My second grader won’t talk at school. He only whispers to his teacher, which is frustrating to the teacher. Outside of school, he is a chatterbox. Because of this, we’ve taken him out of school and he is being homeschooled. What should we be doing now so that when he goes back to school he can be more open to speak up?
In your question you indicated your child won’t talk in school in a normal tone of voice and only whispers to his teachers. On the contrary, at home he is chatty and verbal. Your response to this situation was to take him out of school and homeschool him. Since I don’t know much more about the situation, you must have been very concerned about him to take him out of school. It sounds like you have a plan to send him back to school in the near future but are unsure how to proceed and how serious this whispering is.
The behavior you describe might be a form of social anxiety known as “selective mutism” (SM). According to The Selective Mutism Group~Childhood Anxiety Network, “selective mutism is a childhood anxiety disorder characterized by a child’s inability to speak in select social settings, such as school.” Specific features of this disorder are described in the 2000 Diagnostic and Statistical Manual of Mental Disorders (pp.125-127) this way:
Consistent failure to speak in specific social situations (in which there is an expectation for speaking, e.g., at school) despite speaking in other situations.
Interference with educational or occupational achievement or with social communication.
A duration of at least one month (not limited to the first month of school).
A failure to speak that is not due to a lack of knowledge of, or comfort with, the spoken language required in the social situation.
These children understand language and are able to talk normally in settings where they are comfortable, secure, and relaxed, as you described he does when he is at home with you.
No one knows why children develop this reluctance to speak in front of a group of people or feel embarrassed easily. What is clear is that children and adolescents with SM have an actual fear of speaking and of social interactions where there is an expectation to talk. They may also be unable to communicate nonverbally, unable to make eye contact and may stand motionless with fear as they are confronted with specific social settings. Your child may have a mild form of this because he does whisper to the teacher, a positive sign that he isn’t so anxious he won’t communicate at all.
For a parent this can be very difficult to observe in your child. For the child, it is often very debilitating. Very often, these children show signs of anxiety, such as difficulty separating from parents, moodiness, clinging behavior, inflexibility, sleep problems, frequent tantrums and crying, and extreme shyness from infancy on. When they reach the age when they begin to interact socially outside the family environment, their persistent fear of speaking or communicating begins to manifest in symptoms like whispering. The social anxiety responses are triggered by social interactions in settings such as school, the playground or social gatherings.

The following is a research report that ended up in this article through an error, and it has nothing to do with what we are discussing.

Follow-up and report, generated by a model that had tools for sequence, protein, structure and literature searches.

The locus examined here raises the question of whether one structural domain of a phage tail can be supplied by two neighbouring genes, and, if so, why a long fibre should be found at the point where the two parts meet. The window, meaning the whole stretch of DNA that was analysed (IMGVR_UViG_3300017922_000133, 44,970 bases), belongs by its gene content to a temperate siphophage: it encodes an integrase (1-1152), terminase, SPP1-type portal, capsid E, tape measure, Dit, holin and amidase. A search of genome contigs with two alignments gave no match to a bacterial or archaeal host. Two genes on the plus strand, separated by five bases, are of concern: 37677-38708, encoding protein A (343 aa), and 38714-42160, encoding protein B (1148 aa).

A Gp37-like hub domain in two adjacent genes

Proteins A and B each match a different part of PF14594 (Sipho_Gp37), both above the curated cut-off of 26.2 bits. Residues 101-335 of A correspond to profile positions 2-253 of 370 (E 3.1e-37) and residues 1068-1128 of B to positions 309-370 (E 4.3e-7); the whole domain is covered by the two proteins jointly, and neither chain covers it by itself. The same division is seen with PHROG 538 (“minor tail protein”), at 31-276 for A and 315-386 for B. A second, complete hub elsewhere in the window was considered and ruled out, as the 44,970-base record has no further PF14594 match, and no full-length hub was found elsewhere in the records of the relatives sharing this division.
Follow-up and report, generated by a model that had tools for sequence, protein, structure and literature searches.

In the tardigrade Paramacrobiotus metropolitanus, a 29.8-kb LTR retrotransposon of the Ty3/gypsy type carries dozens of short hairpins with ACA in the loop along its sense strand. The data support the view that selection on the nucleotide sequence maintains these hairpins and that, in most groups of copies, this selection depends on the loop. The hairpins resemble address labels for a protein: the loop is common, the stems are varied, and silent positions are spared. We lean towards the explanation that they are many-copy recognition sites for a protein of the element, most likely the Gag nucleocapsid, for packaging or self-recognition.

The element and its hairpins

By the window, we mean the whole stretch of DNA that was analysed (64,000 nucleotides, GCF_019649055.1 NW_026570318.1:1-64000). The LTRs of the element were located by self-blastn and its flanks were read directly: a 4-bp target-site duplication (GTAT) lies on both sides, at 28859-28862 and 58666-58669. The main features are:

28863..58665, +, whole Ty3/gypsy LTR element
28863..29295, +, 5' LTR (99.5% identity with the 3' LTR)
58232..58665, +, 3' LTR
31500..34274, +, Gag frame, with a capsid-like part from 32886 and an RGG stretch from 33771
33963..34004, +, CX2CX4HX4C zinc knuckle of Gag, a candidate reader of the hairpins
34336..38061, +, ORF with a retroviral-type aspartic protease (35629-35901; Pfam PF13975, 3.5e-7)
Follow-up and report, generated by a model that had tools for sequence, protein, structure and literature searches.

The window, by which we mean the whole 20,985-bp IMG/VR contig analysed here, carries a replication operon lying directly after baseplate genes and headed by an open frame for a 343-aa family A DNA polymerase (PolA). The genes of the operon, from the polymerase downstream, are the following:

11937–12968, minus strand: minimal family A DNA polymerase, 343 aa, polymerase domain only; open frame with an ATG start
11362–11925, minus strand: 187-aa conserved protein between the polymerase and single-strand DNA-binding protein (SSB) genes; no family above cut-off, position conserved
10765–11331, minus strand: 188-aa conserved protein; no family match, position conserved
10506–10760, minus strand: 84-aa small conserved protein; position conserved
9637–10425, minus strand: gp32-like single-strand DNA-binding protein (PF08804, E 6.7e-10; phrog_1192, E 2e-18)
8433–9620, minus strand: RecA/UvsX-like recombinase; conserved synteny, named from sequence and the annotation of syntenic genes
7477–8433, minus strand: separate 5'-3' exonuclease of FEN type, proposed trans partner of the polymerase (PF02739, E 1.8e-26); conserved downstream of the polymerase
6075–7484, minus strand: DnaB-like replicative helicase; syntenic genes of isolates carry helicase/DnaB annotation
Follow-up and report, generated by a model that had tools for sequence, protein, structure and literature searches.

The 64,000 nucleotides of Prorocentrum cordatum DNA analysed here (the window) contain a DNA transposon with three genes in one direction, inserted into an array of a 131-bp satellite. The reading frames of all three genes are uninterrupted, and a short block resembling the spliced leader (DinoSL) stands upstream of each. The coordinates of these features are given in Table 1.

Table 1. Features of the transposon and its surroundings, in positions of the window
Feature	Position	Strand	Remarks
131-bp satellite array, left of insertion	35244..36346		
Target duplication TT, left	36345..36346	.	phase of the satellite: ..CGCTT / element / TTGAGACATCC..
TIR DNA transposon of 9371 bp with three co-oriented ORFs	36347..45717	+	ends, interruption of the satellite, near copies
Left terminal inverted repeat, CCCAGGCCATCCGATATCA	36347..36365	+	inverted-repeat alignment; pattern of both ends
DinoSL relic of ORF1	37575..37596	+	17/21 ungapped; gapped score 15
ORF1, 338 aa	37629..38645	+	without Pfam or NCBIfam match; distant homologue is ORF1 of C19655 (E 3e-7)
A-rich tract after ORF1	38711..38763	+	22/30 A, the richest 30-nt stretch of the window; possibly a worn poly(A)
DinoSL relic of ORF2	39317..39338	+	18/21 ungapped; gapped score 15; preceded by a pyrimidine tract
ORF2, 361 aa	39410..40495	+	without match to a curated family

The treatment for selective mutism as with most social anxiety disorders is through behavioral cognitive therapy, and through patience and acceptance on the part of the parent or caregiver. Parents should remove all pressure and expectations for the child to speak, conveying to their child that they understand he feels scared to speak or has difficulty speaking at times.
Since selective mutism is an anxiety disorder, successful treatment focuses on methods to lower anxiety and increase self-esteem, confidence, and communication in social settings. The emphasis should never be on “getting a child to talk” but more on getting comfortable in the environment that is producing the anxiety.
First, determine when he demonstrates this behavior of whispering. If this only happens at school, then a program can be developed that will reduce his anxiety there. Using behavioral methods, a therapist or school mental health professional can work collaboratively with the teacher to help desensitize the child’s anxiety. By eliminating all pressure to verbalize, the child’s anxiety is lowered and confidence increases. Verbalization will usually follow. If this does not occur spontaneously, techniques can later be added to help encourage progress.
At home, reward him for using his “big voice” or “grownup voice.” He will learn that when he speaks in a normal tone that positive rewards follow. Again don’t pressure him to talk, but do reward him when he does.
Working collaboratively with the school personnel and providing them with information regarding this disorder is helpful. Most school personnel have little experience in this area, so be patient and collaborate with them to find a workable solution for your child.